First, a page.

OT: Re: solved: Re: [rtc-linux] Re: DS1337 RTC on I2C broken.

Grant Likely grant.likely at secretlab.ca
Tue Dec 4 07:05:56 EST 2007

On 12/3/07, Clemens Koller <clemens.koller at anagramm.de> wrote:
> Hello, Scott!
> Scott Wood schrieb:
>  >> Here, the next idea which comes to my mind:
>  >> Maybe we should think about a kernel-config -> dts compiler for
>  >> the future where the enabled drivers generate their default dts
>  >> entries automagically?
>  >
>  > Sorry, there's just not enough information in .config for that.
> If there is really the need to put more information (which I don't
> see in the case of the RTCs) to .config, it might be an idea to
> extend the current structure for this use instead of duplicating
> and maintaining a second repository.
> And regarding the DS1337 (or the PCF8563 and similar RTCs):
> It's address (0x68) is immutable fixed by the manufacturer
> of that device. So, why do we include it in the DT, when we
> already told the kernel what driver we want to use?

I2C is an odd bus in that it is only partially probeable; you can
probe for presence, but you can't trust that you know what is there.
The device tree approach sidesteps that uncertainty by just mandating
that you specify that address and type of each device.  This is
neither hard or onerous on the developer to do.

If we *could* trust the i2c probing (like we can on PCI), then i2c
devices would *not* need to be in the device tree.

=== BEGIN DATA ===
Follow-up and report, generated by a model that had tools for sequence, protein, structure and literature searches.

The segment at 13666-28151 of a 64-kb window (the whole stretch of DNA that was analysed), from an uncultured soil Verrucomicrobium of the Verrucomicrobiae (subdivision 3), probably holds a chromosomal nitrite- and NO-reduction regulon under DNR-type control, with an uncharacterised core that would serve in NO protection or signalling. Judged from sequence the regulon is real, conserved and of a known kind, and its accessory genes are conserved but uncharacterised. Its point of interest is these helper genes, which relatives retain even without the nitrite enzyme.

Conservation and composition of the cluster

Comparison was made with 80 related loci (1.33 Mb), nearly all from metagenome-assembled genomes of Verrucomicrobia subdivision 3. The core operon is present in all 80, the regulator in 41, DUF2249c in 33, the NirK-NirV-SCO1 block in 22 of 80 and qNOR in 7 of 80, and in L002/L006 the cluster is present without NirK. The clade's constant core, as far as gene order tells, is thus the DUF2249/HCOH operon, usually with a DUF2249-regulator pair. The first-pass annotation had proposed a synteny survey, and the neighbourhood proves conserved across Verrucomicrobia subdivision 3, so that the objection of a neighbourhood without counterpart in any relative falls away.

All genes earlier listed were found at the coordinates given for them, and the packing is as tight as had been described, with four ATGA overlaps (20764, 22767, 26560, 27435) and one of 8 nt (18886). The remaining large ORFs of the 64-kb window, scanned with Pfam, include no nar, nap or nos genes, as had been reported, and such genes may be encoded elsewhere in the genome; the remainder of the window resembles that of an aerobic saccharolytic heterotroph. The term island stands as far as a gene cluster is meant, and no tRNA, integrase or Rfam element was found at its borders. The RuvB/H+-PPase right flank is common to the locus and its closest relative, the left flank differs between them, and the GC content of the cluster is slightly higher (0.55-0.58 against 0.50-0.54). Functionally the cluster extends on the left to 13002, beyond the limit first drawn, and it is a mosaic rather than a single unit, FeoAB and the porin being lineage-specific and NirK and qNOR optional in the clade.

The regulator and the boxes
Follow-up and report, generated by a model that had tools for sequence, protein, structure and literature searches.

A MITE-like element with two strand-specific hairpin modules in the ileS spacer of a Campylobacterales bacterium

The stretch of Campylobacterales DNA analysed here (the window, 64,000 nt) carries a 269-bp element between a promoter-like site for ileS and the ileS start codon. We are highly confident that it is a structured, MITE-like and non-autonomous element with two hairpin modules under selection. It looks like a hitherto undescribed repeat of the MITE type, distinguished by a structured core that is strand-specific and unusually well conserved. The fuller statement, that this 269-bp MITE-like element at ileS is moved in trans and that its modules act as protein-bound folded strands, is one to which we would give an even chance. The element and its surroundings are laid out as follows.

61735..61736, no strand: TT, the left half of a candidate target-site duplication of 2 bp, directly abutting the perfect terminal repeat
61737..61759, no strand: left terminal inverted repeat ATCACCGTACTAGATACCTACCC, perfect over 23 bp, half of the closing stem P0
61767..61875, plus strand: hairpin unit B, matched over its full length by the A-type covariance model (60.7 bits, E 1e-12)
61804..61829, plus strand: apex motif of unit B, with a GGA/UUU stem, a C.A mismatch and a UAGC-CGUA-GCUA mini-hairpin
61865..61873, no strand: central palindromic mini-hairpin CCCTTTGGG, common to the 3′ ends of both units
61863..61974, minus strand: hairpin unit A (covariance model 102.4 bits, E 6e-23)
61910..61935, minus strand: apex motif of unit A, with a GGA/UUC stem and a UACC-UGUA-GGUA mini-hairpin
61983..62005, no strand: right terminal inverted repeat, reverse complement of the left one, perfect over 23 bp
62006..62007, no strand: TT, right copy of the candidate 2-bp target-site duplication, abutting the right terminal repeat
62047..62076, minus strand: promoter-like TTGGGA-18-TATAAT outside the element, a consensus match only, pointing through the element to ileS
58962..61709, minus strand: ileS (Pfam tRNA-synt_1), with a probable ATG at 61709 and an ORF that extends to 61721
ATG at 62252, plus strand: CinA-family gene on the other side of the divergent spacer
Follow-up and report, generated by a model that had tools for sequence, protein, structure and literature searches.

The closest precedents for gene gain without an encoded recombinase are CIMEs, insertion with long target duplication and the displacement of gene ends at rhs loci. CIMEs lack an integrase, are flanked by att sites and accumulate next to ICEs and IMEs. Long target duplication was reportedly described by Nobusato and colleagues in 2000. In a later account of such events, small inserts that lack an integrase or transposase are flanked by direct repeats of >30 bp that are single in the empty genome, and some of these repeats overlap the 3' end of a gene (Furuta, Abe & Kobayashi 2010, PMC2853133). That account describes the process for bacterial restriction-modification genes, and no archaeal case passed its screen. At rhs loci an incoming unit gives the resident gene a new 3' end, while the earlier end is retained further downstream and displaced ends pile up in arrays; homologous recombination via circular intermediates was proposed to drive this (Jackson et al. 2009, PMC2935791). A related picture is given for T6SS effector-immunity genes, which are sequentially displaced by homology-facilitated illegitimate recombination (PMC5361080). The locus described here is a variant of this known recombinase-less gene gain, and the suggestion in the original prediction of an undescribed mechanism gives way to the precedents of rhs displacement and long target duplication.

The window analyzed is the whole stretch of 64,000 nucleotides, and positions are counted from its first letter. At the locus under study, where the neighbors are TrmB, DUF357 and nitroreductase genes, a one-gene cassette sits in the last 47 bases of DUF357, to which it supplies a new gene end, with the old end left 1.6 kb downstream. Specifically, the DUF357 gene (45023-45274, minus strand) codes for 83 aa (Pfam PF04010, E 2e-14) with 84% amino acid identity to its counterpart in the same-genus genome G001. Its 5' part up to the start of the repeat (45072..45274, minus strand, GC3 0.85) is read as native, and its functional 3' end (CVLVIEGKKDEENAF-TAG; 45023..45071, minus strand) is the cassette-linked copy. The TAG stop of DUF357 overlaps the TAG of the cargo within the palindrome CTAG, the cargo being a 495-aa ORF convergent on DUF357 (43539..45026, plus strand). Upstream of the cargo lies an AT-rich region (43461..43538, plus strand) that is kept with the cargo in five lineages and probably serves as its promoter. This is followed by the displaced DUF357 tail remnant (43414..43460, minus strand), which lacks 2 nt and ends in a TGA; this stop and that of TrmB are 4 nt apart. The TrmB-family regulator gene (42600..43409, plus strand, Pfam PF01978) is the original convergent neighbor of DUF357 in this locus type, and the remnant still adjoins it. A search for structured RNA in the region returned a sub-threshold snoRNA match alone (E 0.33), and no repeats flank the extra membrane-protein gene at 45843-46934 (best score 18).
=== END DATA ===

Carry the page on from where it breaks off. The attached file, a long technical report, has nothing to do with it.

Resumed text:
> Even if I have an eeprom which can have varying addresses,
> I can simply tell the driver/the kernel .config what address
> it should use... If I want to be able to alter that address
> for whatever reason by OF, I still don't want to touch a
> separate file in the kernel tree.

Kconfig was never designed for that type of board level detail and it
would be awkward to shoehorn that in (not to mention that it doesn't
solve the problem of one kernel running on many boards.)

Historically we solved the config problem with board specific code in
.c files.  A solution I'm sure you'll agree might work, but it's not
sustainable in the long run.

As for modifying the device tree; you've got many choices; choose what
works best for you.

For example, you could:
a. write a separate .dts file per board varient, or
b. write single .dts files which only contains the common properties
and the bootloader populates the board specific ones, or
c. write a single .dts file which contains all possible nodes and the
bootloader deletes the nodes which are irrelevant.

Regardless of what method you choose, you just need to make sure that
the device tree that the kernel receives is an accurate representation
of the hardware (ie. no nodes for non-present devices)


Grant Likely, B.Sc., P.Eng.
Secret Lab Technologies Ltd.
grant.likely at secretlab.ca
(403) 399-0195

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